That the gospels are “biographies” is not a fact but an interpretation, based most often on Richard Burridge’s What Are the Gospels? A number of scholars have found reasons to be critical of Burridge’s arguments, however, as have I. Both Tim and I have discussed Burridge’s book and some of the scholarly criticisms several times now as well as having written more studies on gospel genre generally, introducing a range of scholarly inputs on that question. But let’s stay focused. A “biographical” genre by itself does not mean that the person written about was historical. The ancient times saw a number of “biographies” written about persons we know to have been fictitious, even though the tone and style indicate to a less informed reader that they are about a “true” person. I have discussed several of these in the links above.

Scholars who pay attention to literary studies of the ancient world also know that ancient writers were trained to create details of verisimilitude to make their compositions (letters, novellas, speeches, poems) sound authentic or plausible.

Further, the claim that the gospels “incorporate a body of prior traditions about Jesus of Nazareth” is, in fact, an assumption that is generally “supported” by appeals to details in the text of the gospels that too often are in fact circular. The process is very often an exercise in the fallacy of confirmation bias. The assumption that oral tradition is behind the gospel narratives is the eyepiece through which the gospels are read, and lo and behold, the evidence expected is indeed found to be there. The method has too rarely been checked by controls. A few scholars have applied controls to these arguments, however, and have found that in several cases the evidence that was claimed to be support for oral tradition is, in fact, more directly found to be a sign of literary borrowing. Take, for example, the “rule of three”. Words, motifs, incidents in folktales are often repeated three times and this is said to be an aid to memory. Fine. But what is overlooked is that we find the “rule of three” also liberally populating very literary works with other literary influences.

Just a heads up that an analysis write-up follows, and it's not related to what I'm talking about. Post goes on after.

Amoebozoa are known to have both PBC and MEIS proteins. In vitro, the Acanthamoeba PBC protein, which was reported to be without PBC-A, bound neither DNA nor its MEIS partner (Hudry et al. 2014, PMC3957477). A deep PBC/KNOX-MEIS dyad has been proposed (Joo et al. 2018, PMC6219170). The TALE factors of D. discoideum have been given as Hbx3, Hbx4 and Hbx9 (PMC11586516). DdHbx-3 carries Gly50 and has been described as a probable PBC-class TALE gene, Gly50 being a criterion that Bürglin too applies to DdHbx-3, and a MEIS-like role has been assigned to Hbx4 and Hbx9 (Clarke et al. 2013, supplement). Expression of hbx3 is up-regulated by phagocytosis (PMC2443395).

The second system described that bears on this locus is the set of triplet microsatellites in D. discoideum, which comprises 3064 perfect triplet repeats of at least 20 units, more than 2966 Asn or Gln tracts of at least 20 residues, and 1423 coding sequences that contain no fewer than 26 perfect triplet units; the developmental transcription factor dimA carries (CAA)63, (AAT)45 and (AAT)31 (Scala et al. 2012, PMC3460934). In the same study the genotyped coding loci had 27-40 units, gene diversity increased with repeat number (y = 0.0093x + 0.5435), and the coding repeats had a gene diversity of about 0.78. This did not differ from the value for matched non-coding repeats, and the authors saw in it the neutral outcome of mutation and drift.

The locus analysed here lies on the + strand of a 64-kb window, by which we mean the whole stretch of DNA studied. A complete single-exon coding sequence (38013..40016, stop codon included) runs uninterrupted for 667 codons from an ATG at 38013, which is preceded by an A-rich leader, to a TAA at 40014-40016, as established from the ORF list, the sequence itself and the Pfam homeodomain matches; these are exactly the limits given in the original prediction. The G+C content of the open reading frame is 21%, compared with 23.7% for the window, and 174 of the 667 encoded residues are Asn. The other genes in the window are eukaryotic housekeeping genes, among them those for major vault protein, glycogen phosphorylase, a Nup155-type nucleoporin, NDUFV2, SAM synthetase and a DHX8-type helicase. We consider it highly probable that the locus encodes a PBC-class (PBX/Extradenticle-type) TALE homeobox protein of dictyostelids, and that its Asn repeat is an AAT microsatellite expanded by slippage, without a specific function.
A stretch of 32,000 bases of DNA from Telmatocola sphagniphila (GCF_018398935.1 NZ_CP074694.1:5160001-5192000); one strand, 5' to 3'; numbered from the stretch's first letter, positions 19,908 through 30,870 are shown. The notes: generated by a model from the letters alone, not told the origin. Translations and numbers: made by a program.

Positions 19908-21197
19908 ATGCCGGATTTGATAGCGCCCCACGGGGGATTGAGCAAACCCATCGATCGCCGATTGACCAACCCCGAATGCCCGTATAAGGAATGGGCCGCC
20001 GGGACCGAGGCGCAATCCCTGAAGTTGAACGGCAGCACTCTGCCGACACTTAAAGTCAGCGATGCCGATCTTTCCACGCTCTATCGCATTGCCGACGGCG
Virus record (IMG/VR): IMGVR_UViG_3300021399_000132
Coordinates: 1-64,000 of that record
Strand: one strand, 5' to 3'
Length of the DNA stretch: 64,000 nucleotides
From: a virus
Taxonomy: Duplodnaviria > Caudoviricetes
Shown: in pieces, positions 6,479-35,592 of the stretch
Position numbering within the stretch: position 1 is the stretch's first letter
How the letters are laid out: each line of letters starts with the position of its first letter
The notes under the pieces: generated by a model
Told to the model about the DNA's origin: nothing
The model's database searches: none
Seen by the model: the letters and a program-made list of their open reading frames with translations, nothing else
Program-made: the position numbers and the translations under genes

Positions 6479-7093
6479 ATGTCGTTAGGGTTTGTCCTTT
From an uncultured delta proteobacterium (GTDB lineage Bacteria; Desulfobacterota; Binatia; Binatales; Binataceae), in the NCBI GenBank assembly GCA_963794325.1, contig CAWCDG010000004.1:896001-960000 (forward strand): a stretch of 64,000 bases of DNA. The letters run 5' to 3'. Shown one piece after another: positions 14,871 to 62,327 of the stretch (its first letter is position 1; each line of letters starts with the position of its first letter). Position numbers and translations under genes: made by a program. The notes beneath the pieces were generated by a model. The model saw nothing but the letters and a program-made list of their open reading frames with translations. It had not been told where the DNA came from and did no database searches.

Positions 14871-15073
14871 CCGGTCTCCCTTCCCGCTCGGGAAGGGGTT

Yes, I am very aware of studies on oral traditions in the Balkans and Africa and have addressed several of these in posts on this blog. Unfortunately, I have also found that in too many cases a scholar has quote-mined such a study and misapplied its statements to support an otherwise gratuitous claim about gospel origins.

The applicability of those oral tradition studies have been found by a number of scholars not to be applicable to the data we find in our canonical gospels. Again, see some of the posts on Vridar for references to some of the scholarly works addressing this question. I will be posting more in future.

Hurtado continues:

Another reader seems greatly exercised over how much of the Jesus-tradition Paul recounts in his letters, and how much Paul may have known.  Scholars have probed these questions, too, for a loooong time.  E.g., David L. Dungan, The Sayings of Jesus in the Churches of Paul (Philadelphia: Fortress Press, 1971).  But, in any case, this isn’t the issue of my posting, or even essential to the “mythical Jesus” question.

Yes, and indeed it is “many scholars” who also write in their publications of Paul’s virtually complete lack of interest or even knowledge of the human Jesus. Unfortunately, Hurtado appears to have chosen not to even consider or read any of the criticisms of those arguments that bypass certain critical problems with those common assumptions about Paul’s supposed references to the “historical Jesus”. Again, the works available, by both mainstream scholars and Christ Myth theorists, are abundant and discussed in past posts.